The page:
Wednesday, October 26, 2016

Steve Clark: Def Leppard's Late, Unsung Guitarist Deserves More Kudos

So many rock stars who die before their time become more iconic in death than they were in life.

Jimi Hendrix, Kurt Cobain, Bon Scott, Randy Rhoads are but three examples from a long list of fallen rockers.

Sadly, though, late Def Leppard guitarist Steve "Steamin'" Clark is rarely talked about in terms of the stellar legacy he left behind when he died in 1991 at the age of 30.

Maybe it's because he wasn't Def Leppard's frontman. Maybe it's because he was fairly low key in the band.

Whatever the case, Clark a co-founder of Leppard with ex-guitarist Pete Willis (ironically kicked out of the band for too much boozing in 1982), vocalist Joe Elliott and bassist Rick Savage, was instrumental in writing most of Def Leppard's tracks during their stratospheric rise to stardom in the 1980s from their debut On Through The Night, through High N Dry, Pyromania and Hysteria. Despite not playing on 1992's Adrenalize, Clark co-wrote most of the tracks.

Whether it's "Hello America", "Let It Go", "Switch 625", "Bringin' On the Heartbreak", "Photograph", Rock of Ages", "Hysteria", or "Gods of War", Clark had a hand in crafting those songs and helped Def Leppard reach the top of the rock 'n roll mountain.

Yet, despite that, he seems to never get his due for what he did, unlike Cobain or Rhoads.

Despite Def Leppard's Success, Depression Dogged Clark

Despite his phenomenal talent as a songwriter (one his nicknames was "The Riffmaster") and the amazing success Def Leppard enjoyed, Clark was a depressed alcoholic, who numbed his pain with booze and drugs (both prescription and hard drugs like cocaine).

Tragically, everyone around him knew he would wind up dead, but they couldn't stop it. And Clark seemed resigned to his fate.

His father, Barry, noted in a VH1 documentary his son was " really looking worse for wear" at Christmas in 1990. Barrie recalls telling his son that if he kept on drinking, he'd kill himself. To that Clark responded "Well, I'm not bothered anyway."

Before he died, the members of Leppard and those around them knew Clark was in major trouble, heading down a one-way street to nowhere, so an intervention was held in 1989 after a doctor addressed the serious damage Clark was doing to himself.

Bandmates, longtime producer Mutt Lange, as well as friends were on hand to lay it out for Clark, who, according to guitarist Phil Collen in his autobiography Adrenalized “... sat there with a cigarette taking it all in. Mutt gave him a big hug, then we all hugged him and told him that we loved him. That was a very tearful and emotional experience for all involved, especially when the doctor explained to us that about 70 percent of alcoholics who get to this level usually end up getting killed either by accident or overuse.”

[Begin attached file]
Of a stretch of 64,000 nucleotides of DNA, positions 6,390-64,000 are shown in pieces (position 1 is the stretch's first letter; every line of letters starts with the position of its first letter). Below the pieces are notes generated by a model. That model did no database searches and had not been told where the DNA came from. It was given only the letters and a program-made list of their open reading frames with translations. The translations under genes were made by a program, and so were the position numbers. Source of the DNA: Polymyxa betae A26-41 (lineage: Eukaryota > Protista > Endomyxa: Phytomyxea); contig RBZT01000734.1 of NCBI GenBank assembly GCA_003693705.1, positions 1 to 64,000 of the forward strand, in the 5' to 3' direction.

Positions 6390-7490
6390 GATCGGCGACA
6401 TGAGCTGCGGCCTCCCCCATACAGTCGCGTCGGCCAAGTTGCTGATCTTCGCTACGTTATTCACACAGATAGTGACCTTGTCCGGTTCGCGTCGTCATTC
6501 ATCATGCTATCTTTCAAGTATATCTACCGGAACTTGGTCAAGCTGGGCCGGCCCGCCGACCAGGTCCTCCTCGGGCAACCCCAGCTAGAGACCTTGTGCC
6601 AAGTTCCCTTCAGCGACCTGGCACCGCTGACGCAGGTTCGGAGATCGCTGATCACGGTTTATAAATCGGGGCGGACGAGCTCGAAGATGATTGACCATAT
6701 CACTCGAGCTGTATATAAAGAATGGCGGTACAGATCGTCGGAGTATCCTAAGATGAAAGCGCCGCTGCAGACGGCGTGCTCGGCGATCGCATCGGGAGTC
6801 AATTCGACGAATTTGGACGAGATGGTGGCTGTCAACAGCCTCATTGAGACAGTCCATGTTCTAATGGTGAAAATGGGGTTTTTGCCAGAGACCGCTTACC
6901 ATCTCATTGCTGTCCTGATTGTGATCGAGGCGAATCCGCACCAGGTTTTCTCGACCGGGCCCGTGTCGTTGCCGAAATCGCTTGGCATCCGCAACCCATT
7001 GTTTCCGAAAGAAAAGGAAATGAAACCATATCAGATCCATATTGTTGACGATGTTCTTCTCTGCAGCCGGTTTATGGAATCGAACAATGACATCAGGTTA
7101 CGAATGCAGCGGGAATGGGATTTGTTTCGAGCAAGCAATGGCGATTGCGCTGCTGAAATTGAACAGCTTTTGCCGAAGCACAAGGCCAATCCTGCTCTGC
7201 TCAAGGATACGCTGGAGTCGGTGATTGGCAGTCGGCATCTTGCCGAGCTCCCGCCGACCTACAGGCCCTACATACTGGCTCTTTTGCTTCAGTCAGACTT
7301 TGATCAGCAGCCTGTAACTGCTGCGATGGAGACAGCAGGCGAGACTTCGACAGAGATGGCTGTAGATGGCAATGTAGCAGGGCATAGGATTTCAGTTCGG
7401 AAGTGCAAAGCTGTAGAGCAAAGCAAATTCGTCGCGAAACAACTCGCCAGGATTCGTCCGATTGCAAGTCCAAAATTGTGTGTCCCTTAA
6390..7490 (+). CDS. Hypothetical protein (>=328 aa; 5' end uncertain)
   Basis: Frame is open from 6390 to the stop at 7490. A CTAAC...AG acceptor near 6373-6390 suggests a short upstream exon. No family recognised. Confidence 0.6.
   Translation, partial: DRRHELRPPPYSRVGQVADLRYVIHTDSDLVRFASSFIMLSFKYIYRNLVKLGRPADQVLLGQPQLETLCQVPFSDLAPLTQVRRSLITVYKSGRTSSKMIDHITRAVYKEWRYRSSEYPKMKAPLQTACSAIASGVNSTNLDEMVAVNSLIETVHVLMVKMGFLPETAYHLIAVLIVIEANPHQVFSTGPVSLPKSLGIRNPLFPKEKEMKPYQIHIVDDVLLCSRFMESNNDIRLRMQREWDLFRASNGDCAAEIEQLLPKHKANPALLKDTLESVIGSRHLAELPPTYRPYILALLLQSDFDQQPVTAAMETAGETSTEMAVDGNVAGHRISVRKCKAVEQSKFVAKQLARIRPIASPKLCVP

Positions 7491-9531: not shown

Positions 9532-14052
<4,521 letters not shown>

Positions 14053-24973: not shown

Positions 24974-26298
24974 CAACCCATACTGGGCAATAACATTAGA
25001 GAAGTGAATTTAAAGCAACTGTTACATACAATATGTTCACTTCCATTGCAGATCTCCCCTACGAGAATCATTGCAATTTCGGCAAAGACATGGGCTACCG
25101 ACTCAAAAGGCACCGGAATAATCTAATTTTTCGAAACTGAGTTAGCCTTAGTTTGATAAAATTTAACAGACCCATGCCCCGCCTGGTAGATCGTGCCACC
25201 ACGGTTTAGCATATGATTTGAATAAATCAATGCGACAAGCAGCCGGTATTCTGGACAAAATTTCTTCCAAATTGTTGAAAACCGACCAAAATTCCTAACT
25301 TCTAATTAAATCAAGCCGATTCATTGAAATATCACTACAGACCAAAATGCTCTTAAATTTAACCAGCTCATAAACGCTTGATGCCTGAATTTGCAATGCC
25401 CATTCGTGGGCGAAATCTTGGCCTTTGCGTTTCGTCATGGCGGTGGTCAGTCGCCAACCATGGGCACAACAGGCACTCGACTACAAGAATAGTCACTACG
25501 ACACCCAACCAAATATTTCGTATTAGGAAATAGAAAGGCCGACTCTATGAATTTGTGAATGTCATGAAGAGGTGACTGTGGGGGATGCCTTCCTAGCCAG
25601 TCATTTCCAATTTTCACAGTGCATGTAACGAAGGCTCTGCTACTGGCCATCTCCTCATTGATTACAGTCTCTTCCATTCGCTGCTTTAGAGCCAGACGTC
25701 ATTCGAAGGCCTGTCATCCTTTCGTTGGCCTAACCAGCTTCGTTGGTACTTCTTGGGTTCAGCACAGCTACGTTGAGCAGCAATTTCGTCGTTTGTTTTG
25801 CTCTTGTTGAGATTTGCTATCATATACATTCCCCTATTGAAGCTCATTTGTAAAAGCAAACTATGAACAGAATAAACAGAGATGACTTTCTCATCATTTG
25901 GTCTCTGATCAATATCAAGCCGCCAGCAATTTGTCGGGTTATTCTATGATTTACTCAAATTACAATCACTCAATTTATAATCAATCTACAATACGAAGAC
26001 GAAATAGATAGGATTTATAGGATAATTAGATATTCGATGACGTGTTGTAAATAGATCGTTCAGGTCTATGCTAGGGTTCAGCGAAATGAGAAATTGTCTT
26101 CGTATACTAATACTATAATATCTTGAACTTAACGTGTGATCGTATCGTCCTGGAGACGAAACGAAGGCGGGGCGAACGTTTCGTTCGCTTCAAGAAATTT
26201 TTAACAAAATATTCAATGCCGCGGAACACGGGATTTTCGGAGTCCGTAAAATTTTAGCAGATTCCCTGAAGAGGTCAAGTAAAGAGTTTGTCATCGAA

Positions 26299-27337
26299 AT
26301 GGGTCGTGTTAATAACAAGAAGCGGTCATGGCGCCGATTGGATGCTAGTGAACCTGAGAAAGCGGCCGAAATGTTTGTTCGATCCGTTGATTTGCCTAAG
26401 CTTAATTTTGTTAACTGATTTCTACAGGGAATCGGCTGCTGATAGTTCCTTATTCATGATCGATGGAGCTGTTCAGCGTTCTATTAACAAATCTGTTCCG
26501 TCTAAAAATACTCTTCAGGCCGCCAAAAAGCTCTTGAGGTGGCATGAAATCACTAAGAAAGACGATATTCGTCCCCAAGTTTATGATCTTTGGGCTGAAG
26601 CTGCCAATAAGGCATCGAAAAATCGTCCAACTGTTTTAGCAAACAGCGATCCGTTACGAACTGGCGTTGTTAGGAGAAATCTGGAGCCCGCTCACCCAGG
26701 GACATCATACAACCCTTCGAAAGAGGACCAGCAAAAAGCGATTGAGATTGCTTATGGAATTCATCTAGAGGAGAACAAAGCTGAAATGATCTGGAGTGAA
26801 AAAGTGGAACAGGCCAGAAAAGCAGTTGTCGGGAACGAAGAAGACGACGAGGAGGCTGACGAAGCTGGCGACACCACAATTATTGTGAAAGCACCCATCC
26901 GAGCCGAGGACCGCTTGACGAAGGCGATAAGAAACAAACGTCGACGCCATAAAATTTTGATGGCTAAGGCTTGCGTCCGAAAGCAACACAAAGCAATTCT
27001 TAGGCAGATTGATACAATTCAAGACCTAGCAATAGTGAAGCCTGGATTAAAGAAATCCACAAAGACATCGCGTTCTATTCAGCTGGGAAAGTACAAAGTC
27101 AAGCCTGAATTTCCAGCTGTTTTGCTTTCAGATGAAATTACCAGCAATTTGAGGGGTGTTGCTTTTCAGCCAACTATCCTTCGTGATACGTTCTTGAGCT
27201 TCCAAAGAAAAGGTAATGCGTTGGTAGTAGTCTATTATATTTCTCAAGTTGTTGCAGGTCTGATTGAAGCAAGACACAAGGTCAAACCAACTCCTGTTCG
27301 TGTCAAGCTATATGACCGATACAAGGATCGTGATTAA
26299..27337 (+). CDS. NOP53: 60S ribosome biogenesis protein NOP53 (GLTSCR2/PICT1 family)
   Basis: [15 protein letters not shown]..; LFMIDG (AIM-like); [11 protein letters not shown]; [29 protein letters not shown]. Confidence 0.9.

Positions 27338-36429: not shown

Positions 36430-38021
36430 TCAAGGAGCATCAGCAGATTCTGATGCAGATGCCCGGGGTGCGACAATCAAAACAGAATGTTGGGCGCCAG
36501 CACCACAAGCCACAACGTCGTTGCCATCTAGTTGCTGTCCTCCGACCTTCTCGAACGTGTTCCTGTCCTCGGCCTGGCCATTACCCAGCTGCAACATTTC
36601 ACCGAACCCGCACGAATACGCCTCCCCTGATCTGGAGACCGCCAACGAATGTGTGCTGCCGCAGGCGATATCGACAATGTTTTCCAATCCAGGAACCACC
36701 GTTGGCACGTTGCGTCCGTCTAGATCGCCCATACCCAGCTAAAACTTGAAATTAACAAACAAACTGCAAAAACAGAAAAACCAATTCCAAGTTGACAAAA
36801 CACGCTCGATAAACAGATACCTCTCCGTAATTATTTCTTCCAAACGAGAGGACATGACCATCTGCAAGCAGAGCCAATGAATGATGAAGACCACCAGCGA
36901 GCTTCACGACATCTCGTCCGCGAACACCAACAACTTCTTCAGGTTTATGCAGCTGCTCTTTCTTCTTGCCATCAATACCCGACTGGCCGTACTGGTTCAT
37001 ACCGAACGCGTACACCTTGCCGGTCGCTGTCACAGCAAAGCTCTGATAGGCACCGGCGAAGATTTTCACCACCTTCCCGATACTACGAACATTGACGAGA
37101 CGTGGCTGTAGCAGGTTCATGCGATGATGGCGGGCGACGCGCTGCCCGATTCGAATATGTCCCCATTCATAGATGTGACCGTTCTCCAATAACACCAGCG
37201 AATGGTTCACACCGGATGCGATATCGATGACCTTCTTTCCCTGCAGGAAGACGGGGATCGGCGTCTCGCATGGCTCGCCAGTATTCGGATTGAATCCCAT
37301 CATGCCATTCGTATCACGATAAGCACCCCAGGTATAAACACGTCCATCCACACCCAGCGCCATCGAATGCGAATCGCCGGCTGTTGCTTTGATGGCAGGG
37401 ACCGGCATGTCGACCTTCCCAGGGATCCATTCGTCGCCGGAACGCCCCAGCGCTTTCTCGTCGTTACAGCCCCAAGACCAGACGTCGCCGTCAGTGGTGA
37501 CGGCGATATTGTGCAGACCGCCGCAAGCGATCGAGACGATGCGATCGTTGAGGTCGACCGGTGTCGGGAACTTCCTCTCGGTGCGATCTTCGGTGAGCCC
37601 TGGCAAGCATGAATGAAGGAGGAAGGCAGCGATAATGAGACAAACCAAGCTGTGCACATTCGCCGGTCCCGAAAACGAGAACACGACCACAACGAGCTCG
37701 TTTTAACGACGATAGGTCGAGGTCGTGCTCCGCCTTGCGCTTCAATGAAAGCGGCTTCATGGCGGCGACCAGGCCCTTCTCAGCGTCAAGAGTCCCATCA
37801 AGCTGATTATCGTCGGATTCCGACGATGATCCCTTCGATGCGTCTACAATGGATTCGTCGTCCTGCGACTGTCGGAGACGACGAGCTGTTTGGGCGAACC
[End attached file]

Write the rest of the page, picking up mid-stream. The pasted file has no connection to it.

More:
Clark then agreed to go into rehab ( his last of several attempts ) in Tucson, where he met recovering heroin addict Janie Dean, an American. They moved in together and got engaged, but according to Collen, both continued with substance abuse. She was the person who found Clark dead on their couch in their Chelsea home on Jan. 8, 1991.

Clark's Last Night and Death

The night before he died, Dean and Clark were supposed to take in a theatre production, but he'd been out drinking before they were going to leave, so the couple decided to stay home. However, according to Dean, at 8 p.m. on Jan. 7, Clark told her he was going to go out for 10 minutes. He came back four hours later, extremely drunk with a buddy. Clark passed out on the couch and never woke again.

An autopsy confirmed the cause of death was compression of the brain stem - which caused respiratory failure - due to excessive alcohol mixed with anti-depressants and pain killers. According to Dean, he was taking Prozac, Valium, and would also do cocaine.

At the time he died, Clark was on an unofficial six-month leave from the band, so he could focus on getting healthy.

So ended the sad story of one of rock's great songwriters and guitarists. One of Clark's nicknames was "Riffmaster" and when you listen to Def Leppard's first four albums, you know why.

After his passing, Sacramento rock band Tesla, who toured with Def Leppard, wrote a tribute song to honour Clark called "Song and Emotion". And Leppard wrote "White Lightning" for the "Adrenalize" record. The song looks at their and Clark's struggles with substance abuse. Check it out below.

See how founding Def Leppard guitarist Pete Willis was fired from the band during the Pyromania recording sessions

4 comments:

  1. Steve Clark never gets mentioned when there are articles in magazines or Radio stations do tributes to dead Rock & Rollers.I miss him & maybe his family life contributed to his tragedy.There are a lot of dead rockers that never get the remembrance they should.Like Bob Welch

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  2. Steamin Steve Clark never gets mentioned when articles are published or radio does tributes to fallen Rockers.
    That's a shame. Theres a Rolling Stone mag out showing dead rockers-But most have been discussed to the point of not being anything new.Bob Welch & Bob McBride are a few more that never are mentioned. Steve Clark was a great treasure & will never know the pleasure He brought to millions of people.

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  3. Funny how the band kicked out Pete for drinking which possibly saved his life, but let Steve crash and burn, self serving hypocrites.

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  4. Steve Clark was the real talent in Def Leppard, from both the song writing standpoint and the guitarist standpoint. As he faded, so did their appeal to me musically.

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